A brief history of microbiology
Where it all began
In the middle of a global pandemic caused by a novel virus, it can be hard to picture a world in which microorganisms are completely unknown. And yet, humankind lived in ignorance of our microscopic companions until 1683, when Antonie van Leeuwenhoek first spotted “animalcules” cavorting in drops of water. Using the most powerful magnifying lenses built to date, van Leeuwenhoek was able to see microorganisms, but it would be centuries before their role in human health, disease, food spoilage, and more would be understood.
Early events in the history of microbiology
Over the 200 years following van Leeuwenhoek’s discovery, incremental advances demonstrated more and more convincingly that tiny creatures that could not be seen with the naked eye did exist all around us, in every niche of the environment, and were responsible for a host of effects:
In 1765, Lazzaro Spallanzani investigated whether food spoilage occurs inherently as a property of the food itself, or rather is caused by some unknown factor present in the environment. To do this, he boiled broth and placed it in sealed or unsealed jars and found that only the broth in the unsealed jars became cloudy and spoiled, demonstrating that an environmental factor was responsible for this phenomenon.
In 1847 Ignaz Semmelweis recommended that doctors and surgeons wash their hands in dilute chlorine solutions to reduce the transmission of an as-yet-undefined harmful factor from autopsied corpses to living patients; this simple measure reduced the rate of mortality at his hospital four-fold within a year.
In 1849 John Snow single-handedly created the field of epidemiology by carefully analyzing patterns of cholera in London and concluding that, rather than arising from “miasma” (unhealthy air), this disease was in fact transmitted by an unknown factor in water, as it appeared to spread throughout the population from water-drawing sources.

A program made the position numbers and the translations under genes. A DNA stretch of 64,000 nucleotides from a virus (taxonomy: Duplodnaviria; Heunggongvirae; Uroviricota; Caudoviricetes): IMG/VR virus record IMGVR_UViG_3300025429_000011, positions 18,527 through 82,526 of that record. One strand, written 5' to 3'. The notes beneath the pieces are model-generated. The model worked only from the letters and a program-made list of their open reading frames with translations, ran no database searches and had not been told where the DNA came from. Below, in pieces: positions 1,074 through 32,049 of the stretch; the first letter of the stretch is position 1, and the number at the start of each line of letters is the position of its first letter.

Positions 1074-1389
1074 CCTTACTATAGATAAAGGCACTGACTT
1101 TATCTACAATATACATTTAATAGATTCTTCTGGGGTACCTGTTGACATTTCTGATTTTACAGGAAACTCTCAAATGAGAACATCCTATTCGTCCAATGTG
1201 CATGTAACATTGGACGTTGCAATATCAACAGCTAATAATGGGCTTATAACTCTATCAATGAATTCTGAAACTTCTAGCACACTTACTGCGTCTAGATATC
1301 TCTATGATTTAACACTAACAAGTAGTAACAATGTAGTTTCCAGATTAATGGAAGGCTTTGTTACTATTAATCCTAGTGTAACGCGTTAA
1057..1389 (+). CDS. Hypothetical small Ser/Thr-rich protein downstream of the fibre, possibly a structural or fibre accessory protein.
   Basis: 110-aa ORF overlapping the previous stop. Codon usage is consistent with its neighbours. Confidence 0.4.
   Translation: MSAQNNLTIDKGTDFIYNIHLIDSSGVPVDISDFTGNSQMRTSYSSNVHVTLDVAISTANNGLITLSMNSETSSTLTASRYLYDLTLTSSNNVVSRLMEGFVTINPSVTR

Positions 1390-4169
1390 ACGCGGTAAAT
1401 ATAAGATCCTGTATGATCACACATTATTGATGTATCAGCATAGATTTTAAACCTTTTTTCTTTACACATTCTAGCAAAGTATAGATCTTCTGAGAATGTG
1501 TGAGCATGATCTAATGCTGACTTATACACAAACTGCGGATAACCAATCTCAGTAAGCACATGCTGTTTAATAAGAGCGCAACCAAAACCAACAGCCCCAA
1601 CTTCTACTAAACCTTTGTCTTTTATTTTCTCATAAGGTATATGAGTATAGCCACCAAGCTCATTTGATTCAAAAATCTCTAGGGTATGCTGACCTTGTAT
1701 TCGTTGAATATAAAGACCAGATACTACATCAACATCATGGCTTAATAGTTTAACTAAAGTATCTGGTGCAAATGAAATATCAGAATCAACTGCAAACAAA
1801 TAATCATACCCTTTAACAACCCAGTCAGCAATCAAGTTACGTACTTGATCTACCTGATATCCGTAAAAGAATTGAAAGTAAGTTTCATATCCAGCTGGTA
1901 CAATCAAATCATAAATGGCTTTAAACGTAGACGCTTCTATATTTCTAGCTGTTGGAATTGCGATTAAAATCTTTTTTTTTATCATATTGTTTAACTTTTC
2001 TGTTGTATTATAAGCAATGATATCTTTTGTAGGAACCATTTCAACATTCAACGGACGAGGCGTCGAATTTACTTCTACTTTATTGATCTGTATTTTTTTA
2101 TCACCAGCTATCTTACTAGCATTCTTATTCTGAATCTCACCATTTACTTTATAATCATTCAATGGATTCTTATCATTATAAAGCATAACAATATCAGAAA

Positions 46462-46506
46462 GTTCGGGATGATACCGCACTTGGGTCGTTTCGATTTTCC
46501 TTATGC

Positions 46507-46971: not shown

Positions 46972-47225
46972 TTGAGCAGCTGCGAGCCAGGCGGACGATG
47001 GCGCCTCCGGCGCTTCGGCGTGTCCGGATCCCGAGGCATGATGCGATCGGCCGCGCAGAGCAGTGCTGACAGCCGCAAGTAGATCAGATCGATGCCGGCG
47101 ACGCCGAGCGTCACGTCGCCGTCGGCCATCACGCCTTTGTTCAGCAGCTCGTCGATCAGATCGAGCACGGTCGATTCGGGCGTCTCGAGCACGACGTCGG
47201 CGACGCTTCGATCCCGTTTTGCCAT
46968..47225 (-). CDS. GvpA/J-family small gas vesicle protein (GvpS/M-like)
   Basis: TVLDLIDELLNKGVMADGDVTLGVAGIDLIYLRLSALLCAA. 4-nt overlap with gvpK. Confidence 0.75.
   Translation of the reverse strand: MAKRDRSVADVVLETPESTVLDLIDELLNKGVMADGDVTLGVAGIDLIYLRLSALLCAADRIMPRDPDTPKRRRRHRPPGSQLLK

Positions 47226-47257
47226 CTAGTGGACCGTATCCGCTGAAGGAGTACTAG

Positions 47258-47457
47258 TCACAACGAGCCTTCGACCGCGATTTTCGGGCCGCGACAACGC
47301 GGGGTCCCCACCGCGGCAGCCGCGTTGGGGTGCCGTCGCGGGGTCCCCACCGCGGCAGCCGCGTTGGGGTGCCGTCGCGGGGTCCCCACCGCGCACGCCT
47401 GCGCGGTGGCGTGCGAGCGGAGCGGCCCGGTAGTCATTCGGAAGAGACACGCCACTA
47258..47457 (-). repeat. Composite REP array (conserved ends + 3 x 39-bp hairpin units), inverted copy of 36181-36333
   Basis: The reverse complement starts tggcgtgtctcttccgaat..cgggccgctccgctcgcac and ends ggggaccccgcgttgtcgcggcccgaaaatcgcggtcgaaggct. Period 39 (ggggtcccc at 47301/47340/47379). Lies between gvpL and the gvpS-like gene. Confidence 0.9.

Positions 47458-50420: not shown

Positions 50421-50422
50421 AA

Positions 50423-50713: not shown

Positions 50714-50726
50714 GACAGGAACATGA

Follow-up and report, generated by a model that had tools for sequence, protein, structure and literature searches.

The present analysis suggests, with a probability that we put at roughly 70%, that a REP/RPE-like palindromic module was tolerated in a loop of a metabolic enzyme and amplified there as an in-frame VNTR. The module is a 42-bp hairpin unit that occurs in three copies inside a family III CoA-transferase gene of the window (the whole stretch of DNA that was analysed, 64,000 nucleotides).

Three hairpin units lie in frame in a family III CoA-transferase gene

In 1857, Louis Pasteur definitively debunked the theory of “spontaneous generation,” in which an airborne “life force”of some kind was thought to be responsible for contamination and spoilage, by performing an experiment similar to Spallanzani’s but with specially designed swan-neck flasks. These flasks had a long, curved neck designed to trap environmental microbes and prevent them from entering the flask, while still allowing air to enter. Broth boiled in these flasks remained clear and unspoiled unless the swan neck was snapped off, thus proving that microorganisms, and not a life force in the air, was responsible for these effects.
Pasteur’s seminal experiments indisputably demonstrated a cause-and-effect link between microorganisms and food spoilage, and this milestone can be considered the birthday of microbiology as a science.
More recent milestones in the history of microbiology
As microbiology established itself as a discipline, a series of key inventions and discoveries led to its expansion and application:
In 1882, Robert Koch defined Koch’s postulates, which are the criteria used to define a causal link between a disease and a specific microorganism.
In 1884 Christian Gram reported a staining protocol, now referred to as Gram staining in his honor, that distinguishes broad classes of bacteria with different cell membrane composition. These two classes of bacteria are referred to as “Gram-positive” and “Gram-negative,” and Gram staining is routinely used in the clinic and in research settings today to characterize bacteria.